Purple Spot On Lip: What Causes It?
Discovering a purple spot on your lip that was never there before can be scary, and you may be curious to know what it is and where it came from. While there are a number of reasons you might see a purple spot on lip tissue, it may be a case of purpura. Here’s what you should know about this condition.
What Is Purpura?
Injuries, steroid use and medications that affect the blood platelets or clotting may factor in the development of purpura. Purpura may also be associated with various conditions, such as amyloidosis, congenital rubella syndrome or congenital cytomegalovirus. Hemangioma, a growth caused by blood vessels building up abnormally in the skin, and vasculitis, an inflammation of the blood vessels, may lead to purpura.
In some cases, these spots may appear due to bleeding disorders that reduce the number of platelets, the cells that help your blood clot. An example of this is idiopathic thrombocytopenic purpura. This disorder occurs when the immune system destroys the platelets and affects the blood’s ability to clot. This can result in bleeding into the skin. This particular type of purpura is more common in women than men, states the NIH.
Other Possible Causes of Dark Spots on Lips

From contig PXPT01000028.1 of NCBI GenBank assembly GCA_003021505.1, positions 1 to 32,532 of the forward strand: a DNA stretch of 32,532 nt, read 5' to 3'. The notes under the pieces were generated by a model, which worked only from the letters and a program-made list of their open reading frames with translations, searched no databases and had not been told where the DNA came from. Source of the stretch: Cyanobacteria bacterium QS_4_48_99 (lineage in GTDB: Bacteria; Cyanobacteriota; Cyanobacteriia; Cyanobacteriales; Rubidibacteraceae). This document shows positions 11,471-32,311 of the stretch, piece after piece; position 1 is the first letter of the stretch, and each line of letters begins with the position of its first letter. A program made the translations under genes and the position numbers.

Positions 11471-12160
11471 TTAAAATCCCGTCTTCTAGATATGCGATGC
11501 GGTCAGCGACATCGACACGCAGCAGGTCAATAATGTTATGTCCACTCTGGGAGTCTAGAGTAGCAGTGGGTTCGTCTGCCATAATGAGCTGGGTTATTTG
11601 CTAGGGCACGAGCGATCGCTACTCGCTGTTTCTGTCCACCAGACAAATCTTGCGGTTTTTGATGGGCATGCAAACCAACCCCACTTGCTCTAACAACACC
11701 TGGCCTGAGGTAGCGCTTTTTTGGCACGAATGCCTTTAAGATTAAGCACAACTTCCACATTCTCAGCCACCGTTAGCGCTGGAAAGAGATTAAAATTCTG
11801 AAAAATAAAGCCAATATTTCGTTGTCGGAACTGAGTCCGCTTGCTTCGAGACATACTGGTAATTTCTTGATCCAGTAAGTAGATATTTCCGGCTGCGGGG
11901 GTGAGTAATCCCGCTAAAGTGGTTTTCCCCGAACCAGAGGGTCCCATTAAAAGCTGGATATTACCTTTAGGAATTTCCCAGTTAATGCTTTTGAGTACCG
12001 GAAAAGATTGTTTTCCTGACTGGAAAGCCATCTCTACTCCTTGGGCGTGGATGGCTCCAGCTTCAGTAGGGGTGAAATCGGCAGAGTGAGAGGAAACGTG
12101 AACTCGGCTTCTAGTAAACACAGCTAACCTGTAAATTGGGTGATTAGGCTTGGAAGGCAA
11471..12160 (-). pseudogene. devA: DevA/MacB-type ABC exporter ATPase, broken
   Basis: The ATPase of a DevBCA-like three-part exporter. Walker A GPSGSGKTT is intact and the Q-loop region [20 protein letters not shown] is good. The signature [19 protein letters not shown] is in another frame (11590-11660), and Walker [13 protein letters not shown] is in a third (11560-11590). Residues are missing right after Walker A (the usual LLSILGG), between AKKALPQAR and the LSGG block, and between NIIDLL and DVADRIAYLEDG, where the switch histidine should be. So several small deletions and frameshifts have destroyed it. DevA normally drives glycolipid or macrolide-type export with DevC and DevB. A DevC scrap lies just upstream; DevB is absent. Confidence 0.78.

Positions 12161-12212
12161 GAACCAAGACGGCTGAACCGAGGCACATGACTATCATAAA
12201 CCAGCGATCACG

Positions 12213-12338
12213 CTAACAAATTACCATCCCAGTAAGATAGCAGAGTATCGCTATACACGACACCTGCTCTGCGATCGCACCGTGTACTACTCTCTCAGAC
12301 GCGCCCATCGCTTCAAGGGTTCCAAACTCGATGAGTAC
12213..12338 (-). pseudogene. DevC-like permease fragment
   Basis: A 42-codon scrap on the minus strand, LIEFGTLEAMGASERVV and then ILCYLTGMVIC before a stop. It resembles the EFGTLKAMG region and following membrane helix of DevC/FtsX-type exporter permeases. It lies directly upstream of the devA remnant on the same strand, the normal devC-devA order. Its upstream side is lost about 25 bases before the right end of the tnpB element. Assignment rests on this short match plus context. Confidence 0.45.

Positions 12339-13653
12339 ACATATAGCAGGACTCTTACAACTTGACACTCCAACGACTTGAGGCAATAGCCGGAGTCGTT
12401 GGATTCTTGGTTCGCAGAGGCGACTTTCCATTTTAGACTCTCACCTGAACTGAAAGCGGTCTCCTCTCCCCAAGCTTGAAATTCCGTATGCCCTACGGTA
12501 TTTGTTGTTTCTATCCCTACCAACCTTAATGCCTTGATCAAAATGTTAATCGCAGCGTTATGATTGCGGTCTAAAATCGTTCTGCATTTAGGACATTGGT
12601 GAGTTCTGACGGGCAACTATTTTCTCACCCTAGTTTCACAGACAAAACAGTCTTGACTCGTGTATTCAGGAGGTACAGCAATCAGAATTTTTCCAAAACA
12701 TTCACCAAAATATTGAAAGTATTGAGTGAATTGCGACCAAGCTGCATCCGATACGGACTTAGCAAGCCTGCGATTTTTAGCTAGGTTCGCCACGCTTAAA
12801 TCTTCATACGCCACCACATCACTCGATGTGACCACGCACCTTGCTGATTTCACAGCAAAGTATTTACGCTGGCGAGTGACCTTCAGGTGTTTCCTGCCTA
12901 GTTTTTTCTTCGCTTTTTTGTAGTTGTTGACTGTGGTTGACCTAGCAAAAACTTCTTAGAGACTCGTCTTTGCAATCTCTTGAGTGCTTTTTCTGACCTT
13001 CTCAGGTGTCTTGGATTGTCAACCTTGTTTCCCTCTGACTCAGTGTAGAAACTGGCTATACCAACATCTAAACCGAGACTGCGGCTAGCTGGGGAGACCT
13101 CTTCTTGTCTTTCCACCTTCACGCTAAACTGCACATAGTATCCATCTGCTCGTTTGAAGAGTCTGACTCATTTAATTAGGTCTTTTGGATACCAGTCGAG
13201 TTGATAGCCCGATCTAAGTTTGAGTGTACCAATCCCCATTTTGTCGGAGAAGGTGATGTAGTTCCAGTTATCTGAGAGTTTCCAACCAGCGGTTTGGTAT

Purpura isn’t the only possible cause of dark spots on the lips. Dark spots can also form due to melasma, a common skin problem where brown or gray patches form on the skin. According to the American Academy of Dermatology, these patches usually develop on parts of the body that get a lot of sun exposure, like the cheeks or forehead, but can also form near the lips. This condition can be treated with sun protection, like wearing a wide-brimmed hat while outside and applying sunscreen.
Dark spots on the lips can also be caused by pigmented contact dermatitis, an allergic reaction, explains a review published by the Journal of Pigmentary Disorders. When allergens come into contact with the lips, the skin can develop reddish, brown or gray discoloration. These allergens may include ingredients in lipsticks.
Vitamin deficiencies are another possible cause of dark spots on the lips. For example, B12 deficiencies may cause hyperpigmentation and result in brown spots on the lips and other parts of the skin, reports Clinical Observations.
If you’ve noticed a dark spot on your lip, or any other changes to the skin on your lips, see your doctor or dentist as soon as possible.
Discovering a purple spot on your lip that was never there before can be scary, and you may be curious to know what it is and where it came from. While there are a number of reasons you might see a purple spot on lip tissue, it may be a case of purpura. Here's what you should know about this condition.